Skype gets into social networking

SkypeCasts will allow voice conferences of up to 100 users, as the VoIP pioneer looks to offer its users new ways to communicate

VoIP giant Skype is courting the booming social networking scene with the preview of a new free service to coincide with the release of Skype 2.5 Beta on Wednesday.

SkypeCasts are being touted as "live, chaired conversations allowing groups of up to 100 people from anywhere in the world to talk to one another". There is no release date yet but a beta is "imminent", the company said on Wednesday morning.

Alistair Shrimpton, UK manager for Skype, said he expected users of sites such as MySpace and LiveJournal to "embrace this SkypeCast technology as an extra layer of discussion and communication".

"It’s really taking the popularity for written exchange over the Internet and giving them the opportunity to have that discussion with audio, and live," he told ZDNet UK.

A key feature of SkypeCasts will be that they are convened by a user who then moderates the discussion, muting or unmuting, approving or ejecting guests at will. Up to 100 users could be allowed to speak at once, or the host could allow one speaker at a time by acknowledging their request and passing them a "virtual microphone".

SkypeCasts will be publicised on a section of the Skype website, so it is hoped that upcoming discussions will be linked to and promoted by various blogs and interested parties.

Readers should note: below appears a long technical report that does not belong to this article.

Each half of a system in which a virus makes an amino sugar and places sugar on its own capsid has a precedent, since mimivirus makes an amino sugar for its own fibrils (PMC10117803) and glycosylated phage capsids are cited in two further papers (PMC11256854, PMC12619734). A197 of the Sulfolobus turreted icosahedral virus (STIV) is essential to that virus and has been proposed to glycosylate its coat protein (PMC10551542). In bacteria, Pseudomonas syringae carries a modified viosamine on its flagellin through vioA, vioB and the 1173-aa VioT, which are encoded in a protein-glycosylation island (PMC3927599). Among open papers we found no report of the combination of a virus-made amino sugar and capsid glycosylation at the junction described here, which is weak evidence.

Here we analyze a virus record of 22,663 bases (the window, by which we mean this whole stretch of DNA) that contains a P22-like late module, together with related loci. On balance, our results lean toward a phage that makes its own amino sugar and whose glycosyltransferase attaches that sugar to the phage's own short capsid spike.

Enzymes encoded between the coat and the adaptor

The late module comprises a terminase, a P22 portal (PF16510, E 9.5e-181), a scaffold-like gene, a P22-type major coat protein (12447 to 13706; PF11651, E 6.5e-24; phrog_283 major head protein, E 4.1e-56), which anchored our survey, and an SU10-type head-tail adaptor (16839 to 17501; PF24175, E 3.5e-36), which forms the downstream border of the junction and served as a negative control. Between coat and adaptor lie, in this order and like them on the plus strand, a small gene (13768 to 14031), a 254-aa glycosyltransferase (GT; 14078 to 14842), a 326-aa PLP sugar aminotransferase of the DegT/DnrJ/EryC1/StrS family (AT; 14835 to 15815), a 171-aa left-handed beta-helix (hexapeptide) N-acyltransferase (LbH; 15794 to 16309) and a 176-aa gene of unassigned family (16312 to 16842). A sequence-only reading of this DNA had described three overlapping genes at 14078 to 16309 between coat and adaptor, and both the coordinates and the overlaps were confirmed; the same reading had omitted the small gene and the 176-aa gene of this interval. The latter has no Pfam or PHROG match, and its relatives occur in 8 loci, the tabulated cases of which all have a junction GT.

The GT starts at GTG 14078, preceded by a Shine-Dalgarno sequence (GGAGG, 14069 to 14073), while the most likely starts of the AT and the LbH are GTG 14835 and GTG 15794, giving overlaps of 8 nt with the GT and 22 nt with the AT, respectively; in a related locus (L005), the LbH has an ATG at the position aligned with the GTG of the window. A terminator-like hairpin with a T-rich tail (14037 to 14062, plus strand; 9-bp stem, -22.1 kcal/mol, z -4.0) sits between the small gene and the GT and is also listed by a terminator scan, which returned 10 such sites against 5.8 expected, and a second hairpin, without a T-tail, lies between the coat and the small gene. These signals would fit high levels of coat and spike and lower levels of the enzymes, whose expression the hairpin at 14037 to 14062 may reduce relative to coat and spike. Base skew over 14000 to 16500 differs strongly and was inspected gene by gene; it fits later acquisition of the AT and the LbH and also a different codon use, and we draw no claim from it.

One feature of Skype 2.5 Beta, 'shared contact groups', also plays to the social networking community. If a new Skype user is invited into an established group, that group’s members will be added automatically to their own contact list. Whole groups will be able to join a SkypeCast at the touch of a button.

The new beta also boasts a streamlined registration process, a payments system that is incorporated into the client rather than requiring a visit to Skype’s website, and the ability to choose to view and call Outlook contacts within the VoIP client. Users can choose the country of their SkypeOut call recipient from a list rather than having to remember their country’s dialling code, and the client will now respond to bandwidth and processing problems by actively suggesting solutions to the user.

One feature likely to reinforce the eventual encroachment of VoIP into GSM territory is the ability to send a text message from Skype to any mobile phone. This will initially be a one-way service costing an estimated 20 to 25 euro cents, payable from the user’s SkypeOut credit, with the cost varying according to the country and network of the recipient.


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